Two Azerbaijani bloggers were sentenced to jail on Wednesday. Charged with "hooliganism", the pair were arrested shortly after posting a satirical video online which mocked the government's alleged purchase of a dozen - suspiciously priced - 41,000 dollar donkeys from Germany.
After already four months of detention, Adnan Hajizade and Emin Milli are now beginning sentences of two years, and two years six months, respectively. They were charged for fighting with a pair of men in a cafe in Baku, something which they immediately reported to the police as an unprovoked attack, but which led to their arrest the same day (8 July) and on November 11, their sentencing. The ruling has been condemned by the Organisation for Security and Cooperation in Europe (OSCE).
Hajizade is the founder of OL!, a web savvy youth movement which often ridicules the government. It was along with the group, which Milli is a member of, that the pair produced the following, now infamous, donkey video, which was posted on YouTube on 28 June.
Posted on OL!'s YouTube channel.
“It's obvious that Emin and Adnan are not guilty”
One of our Observers interviews Parvana Persiani, the girlfriend of Adnan Hajidaze and a fellow member of OL!, in Bucharest the day before the Nov. 11 hearing. This is an extract of the video he recorded. You can watch it in full here.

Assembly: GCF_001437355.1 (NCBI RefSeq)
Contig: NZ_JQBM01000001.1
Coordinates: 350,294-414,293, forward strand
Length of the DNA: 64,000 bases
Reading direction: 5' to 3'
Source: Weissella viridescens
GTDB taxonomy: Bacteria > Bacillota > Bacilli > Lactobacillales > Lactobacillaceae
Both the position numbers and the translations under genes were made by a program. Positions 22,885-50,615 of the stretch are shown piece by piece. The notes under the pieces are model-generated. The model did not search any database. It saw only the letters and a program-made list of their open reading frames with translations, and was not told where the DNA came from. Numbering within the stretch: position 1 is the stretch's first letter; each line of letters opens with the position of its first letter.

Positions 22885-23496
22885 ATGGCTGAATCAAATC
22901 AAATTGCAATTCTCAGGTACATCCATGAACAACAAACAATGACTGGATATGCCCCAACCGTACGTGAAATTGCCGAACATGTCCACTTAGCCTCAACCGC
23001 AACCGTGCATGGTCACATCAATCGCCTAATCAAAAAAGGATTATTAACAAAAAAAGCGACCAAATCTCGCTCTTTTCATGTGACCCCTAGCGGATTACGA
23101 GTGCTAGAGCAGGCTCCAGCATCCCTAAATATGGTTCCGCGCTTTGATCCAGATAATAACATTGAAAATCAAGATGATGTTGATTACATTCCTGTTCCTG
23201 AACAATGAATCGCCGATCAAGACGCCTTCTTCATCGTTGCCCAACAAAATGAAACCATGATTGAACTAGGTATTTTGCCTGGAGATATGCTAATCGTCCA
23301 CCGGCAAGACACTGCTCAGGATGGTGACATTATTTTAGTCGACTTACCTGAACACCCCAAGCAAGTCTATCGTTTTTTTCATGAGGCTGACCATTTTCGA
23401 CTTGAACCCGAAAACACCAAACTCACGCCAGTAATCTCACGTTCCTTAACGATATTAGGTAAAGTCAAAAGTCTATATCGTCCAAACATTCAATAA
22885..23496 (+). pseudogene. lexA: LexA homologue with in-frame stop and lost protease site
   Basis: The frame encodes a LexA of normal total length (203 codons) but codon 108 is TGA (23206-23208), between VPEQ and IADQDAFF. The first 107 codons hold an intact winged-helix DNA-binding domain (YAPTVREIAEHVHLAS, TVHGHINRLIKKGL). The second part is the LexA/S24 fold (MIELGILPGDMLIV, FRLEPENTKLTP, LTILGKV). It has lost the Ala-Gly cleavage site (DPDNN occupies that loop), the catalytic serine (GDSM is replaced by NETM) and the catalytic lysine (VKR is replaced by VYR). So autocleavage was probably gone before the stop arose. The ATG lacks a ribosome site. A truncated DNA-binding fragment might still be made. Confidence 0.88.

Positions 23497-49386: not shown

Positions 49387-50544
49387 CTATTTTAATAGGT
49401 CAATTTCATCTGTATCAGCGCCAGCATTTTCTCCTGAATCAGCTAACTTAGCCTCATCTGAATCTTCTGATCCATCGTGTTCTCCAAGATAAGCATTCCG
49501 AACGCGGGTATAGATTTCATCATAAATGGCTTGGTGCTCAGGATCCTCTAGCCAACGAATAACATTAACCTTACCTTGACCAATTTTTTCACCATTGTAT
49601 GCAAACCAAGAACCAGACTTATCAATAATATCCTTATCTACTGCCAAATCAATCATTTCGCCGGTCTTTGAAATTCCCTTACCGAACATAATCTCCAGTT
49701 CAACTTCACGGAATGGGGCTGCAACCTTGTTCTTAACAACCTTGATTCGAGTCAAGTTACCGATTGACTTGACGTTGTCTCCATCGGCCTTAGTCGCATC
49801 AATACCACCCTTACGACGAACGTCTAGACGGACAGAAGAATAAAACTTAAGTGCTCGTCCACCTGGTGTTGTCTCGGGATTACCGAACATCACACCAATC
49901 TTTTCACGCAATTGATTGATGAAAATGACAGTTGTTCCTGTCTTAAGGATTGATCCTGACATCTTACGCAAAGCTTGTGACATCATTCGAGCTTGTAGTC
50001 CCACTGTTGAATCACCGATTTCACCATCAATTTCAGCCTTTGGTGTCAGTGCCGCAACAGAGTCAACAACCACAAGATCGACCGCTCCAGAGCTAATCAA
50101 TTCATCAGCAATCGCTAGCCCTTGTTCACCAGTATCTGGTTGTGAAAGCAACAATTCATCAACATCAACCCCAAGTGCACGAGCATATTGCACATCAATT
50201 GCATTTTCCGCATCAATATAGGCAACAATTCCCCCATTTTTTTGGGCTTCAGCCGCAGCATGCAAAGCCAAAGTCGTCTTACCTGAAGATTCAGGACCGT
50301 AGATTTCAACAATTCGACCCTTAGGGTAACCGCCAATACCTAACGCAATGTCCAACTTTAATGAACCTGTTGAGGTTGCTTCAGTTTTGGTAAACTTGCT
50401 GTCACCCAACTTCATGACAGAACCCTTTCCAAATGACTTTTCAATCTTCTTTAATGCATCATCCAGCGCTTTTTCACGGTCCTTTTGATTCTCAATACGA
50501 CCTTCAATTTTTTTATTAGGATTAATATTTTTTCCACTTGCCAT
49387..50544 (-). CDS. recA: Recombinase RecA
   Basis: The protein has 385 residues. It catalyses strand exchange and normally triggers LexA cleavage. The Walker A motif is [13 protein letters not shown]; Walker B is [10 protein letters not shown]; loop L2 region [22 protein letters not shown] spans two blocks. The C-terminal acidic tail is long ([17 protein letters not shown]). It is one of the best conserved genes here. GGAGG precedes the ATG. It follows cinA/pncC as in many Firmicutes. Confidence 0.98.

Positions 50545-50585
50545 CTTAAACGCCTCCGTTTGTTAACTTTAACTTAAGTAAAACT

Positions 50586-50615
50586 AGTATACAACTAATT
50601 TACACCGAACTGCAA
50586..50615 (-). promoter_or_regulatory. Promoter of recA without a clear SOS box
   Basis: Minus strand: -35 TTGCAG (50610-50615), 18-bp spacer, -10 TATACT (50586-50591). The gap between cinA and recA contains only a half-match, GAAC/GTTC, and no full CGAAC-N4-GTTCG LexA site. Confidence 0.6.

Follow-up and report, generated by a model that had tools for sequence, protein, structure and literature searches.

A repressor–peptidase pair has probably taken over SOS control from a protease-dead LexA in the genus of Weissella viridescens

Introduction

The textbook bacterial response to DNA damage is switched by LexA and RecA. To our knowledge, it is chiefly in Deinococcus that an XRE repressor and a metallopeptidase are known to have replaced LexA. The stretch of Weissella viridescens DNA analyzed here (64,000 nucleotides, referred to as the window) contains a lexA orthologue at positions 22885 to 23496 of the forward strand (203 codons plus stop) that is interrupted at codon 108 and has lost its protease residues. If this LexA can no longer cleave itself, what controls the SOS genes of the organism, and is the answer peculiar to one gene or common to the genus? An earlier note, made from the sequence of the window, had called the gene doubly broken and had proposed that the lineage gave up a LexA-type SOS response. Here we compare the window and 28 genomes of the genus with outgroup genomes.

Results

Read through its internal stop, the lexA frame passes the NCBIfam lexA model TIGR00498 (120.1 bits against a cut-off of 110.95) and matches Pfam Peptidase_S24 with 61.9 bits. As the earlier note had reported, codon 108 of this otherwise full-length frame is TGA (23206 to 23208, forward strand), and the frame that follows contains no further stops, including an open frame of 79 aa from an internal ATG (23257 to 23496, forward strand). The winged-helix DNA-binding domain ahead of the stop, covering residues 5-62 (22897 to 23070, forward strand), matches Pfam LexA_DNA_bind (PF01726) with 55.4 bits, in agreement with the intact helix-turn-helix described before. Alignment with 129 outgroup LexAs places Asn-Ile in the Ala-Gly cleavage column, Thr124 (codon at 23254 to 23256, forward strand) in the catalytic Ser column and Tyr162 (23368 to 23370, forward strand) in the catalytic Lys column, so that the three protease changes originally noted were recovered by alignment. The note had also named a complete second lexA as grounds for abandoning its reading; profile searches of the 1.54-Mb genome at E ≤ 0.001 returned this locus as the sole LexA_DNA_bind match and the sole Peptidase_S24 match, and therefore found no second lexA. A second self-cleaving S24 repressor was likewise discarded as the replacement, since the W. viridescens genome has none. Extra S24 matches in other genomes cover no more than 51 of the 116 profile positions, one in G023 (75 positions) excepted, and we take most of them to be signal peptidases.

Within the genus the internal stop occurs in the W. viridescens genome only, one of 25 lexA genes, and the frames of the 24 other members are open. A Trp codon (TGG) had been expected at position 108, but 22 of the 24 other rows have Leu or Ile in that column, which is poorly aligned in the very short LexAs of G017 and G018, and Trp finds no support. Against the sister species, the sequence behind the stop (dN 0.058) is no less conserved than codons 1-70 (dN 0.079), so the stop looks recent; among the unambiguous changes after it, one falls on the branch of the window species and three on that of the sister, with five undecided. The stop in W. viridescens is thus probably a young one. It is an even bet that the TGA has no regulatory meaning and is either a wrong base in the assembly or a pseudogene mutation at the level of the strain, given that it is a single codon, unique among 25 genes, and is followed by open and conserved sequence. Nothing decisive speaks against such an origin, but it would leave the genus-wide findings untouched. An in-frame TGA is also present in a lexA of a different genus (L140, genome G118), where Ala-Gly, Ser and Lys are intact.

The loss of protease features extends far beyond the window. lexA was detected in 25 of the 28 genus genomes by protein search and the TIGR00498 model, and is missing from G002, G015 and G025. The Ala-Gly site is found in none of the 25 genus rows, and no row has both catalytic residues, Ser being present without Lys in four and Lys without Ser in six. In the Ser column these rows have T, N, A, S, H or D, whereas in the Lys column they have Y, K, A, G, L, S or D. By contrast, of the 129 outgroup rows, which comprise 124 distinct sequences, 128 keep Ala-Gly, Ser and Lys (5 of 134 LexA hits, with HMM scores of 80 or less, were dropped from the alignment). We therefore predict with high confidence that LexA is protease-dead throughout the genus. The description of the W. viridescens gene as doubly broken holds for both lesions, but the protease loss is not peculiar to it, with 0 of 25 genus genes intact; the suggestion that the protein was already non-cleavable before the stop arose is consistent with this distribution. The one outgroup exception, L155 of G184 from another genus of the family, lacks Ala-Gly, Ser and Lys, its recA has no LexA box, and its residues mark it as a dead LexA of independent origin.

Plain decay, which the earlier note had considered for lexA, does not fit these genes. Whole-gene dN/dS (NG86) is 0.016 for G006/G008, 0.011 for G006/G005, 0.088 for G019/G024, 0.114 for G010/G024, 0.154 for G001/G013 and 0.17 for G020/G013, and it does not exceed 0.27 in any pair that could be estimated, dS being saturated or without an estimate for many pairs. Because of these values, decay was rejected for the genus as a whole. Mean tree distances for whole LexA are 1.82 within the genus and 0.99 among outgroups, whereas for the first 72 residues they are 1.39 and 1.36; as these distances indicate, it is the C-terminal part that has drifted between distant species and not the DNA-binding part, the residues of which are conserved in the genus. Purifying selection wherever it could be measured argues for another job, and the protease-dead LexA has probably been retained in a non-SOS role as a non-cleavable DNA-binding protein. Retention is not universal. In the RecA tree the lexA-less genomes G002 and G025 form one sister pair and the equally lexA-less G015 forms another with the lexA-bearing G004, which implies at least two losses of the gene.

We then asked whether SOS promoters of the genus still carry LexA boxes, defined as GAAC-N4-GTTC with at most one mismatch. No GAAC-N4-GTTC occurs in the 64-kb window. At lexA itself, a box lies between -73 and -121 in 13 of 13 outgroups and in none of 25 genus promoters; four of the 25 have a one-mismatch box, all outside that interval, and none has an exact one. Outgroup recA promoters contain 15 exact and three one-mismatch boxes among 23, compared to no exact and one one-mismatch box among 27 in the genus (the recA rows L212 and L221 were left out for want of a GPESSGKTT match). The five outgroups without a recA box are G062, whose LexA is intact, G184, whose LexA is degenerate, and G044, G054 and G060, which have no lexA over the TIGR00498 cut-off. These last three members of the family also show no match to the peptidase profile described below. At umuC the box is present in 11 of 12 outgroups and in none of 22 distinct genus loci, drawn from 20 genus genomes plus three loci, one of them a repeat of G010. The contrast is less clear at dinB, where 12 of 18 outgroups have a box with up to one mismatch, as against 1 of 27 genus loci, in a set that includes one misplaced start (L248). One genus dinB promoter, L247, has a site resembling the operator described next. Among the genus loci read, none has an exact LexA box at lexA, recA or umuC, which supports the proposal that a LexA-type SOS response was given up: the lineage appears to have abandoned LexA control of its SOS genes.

“A warning against youth activists from speaking out”
Onnik Krikorian is a photojournalist and blogger specialised in the Caucuses. He has been following the case of Hajizade and Milli on his blog .
Lots of countries in this region, including Armenia, continue to use Soviet-era practices and regulations to silence dissent. This ‘hooliganism' charge is normally used to jail journalists. The only difference here, is that it happened to two young activists because of something posted on YouTube.
Online media is becoming increasingly widespread in Azerbaijan, and the OL! youth movement used social and new media very efficiently and extensively. I think this case against Hajizade and Milli was pretty much a warning against youth activists from speaking out.
I think that when you have oil, pressure [from the OSCE and the public] really doesn't have much effect."